Big Waves and Black Swans: Project Management Lessons From TEPCO, Part 2

Big Waves and Black Swans: Project Management Lessons From TEPCO, Part 2

This article is part 2 of a four-part series on project management lessons from the tsunami that damaged the TEPCO Fukushima Dai-ichi nuclear complex.

Yesterday, I noted three big project-management errors in their risk analysis. They missed a big risk, they didn't account for single-point-of-failure issues, and they didn't review the risk plan regularly. Let's look at the missed risk.

According to the AP report of the tsunami plan, they tied the risk analysis to a Japanese earthquake no larger than magnitude 8.6 and a resulting wave that reached no higher than 19 feet.

The actual earthquake measured magnitude 9.0, which is roughly four times the power of an 8.6 quake.1

The water rose not 19 feet but 46 feet.


Nassim Nicholas Taleb wrote a book called The Black Swan about these types of mistakes, using the US housing crisis as a key example. Too many people assumed housing prices would never decline significantly... because they hadn't done so in recent memory. Likewise, there hadn't been a monstrous tsunami in recent memory in Japan... but indeed there had been one about 1150 years ago. Obviously that's not recent history by anything other than geologic time... but it also indicates that such an event wasn't unthinkable.

However, it's a fact of project management life that people on a project miss black swan risks all the time.

And not all black swan risks are historical problems. In the Zubulake case, for example, UBS Warburg didn't have a lot of history to draw on to suggest that e-discovery was about to become a breakout industry in the legal world.

So what's a project manager to do? How do you solve this problem?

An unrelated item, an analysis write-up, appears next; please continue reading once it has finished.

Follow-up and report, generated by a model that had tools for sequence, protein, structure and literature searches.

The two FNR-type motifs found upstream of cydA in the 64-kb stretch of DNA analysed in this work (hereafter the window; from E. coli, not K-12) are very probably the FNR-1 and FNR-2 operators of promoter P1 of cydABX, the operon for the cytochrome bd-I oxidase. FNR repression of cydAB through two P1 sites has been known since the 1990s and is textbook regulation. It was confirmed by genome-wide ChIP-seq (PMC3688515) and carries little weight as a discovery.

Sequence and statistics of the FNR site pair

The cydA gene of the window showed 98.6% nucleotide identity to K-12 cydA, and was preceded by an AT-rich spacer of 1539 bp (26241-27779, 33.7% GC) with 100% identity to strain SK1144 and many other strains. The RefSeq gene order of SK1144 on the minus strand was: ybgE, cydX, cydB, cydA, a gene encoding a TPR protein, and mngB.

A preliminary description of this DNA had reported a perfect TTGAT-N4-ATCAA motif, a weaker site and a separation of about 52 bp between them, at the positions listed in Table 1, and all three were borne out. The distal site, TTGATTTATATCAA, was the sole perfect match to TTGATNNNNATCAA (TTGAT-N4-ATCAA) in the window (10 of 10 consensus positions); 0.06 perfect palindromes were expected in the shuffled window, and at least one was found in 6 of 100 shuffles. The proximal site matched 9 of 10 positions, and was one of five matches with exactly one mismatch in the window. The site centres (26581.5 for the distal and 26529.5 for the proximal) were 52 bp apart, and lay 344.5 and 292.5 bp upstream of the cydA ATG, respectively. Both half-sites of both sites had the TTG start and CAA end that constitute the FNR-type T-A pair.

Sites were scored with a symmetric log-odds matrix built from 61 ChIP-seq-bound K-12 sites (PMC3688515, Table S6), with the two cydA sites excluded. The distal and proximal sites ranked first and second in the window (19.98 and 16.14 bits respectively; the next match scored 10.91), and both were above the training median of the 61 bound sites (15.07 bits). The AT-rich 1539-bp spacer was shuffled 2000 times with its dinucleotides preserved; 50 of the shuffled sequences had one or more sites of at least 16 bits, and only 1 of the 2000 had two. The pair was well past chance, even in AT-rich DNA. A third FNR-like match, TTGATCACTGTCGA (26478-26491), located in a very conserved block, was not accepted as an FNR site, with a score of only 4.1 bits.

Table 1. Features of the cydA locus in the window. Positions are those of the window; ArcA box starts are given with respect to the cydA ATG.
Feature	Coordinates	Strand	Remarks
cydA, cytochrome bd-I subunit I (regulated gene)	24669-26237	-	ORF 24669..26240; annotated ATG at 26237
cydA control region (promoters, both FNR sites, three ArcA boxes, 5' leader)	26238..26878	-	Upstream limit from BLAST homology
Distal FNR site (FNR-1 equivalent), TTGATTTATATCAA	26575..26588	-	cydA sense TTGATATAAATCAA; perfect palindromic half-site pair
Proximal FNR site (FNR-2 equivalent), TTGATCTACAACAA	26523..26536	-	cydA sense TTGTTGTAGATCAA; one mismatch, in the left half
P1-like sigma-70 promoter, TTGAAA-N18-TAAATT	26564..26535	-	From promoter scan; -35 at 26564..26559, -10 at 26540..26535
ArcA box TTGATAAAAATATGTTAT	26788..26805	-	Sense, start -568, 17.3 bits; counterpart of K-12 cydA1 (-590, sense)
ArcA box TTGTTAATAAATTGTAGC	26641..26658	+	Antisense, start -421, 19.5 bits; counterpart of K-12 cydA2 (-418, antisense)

You can do three things to minimize the likelihood of being blindsided by black swans.

1. Team-Driven Risk Analysis

First, multiple members of the project team, from a wide variety of backgrounds and disciplines, should take part in risk identification and analysis. It must be a team exercise. On most legal projects, that should include the whole team. These meetings become unwieldy when you get above, say, ten participants, but few legal projects have that many people attached to them in any real depth. When you do pick and choose, make sure to get a broad cross-section; avoid the dangers of groupthink. Read James Surowiecki's The Wisdom of Crowds for another aspect of group contributions to problem solving.

When someone suggests a risk, put it on the risk sheet. It's like brainstorming; no ideas are rejected out of hand.

2. Team Risk Reviews

Second, review the risk sheet regularly with the team. For a legal project, intervals of one or two weeks are appropriate; don't let more time than that pass without a team risk review - which can be a very short segment of a meeting for some other purpose. The team should be familiar with the risk sheet, of course, not seeing it fresh at the meeting. Ask if there's anything new, anything changed, or anything on which they want to reflect.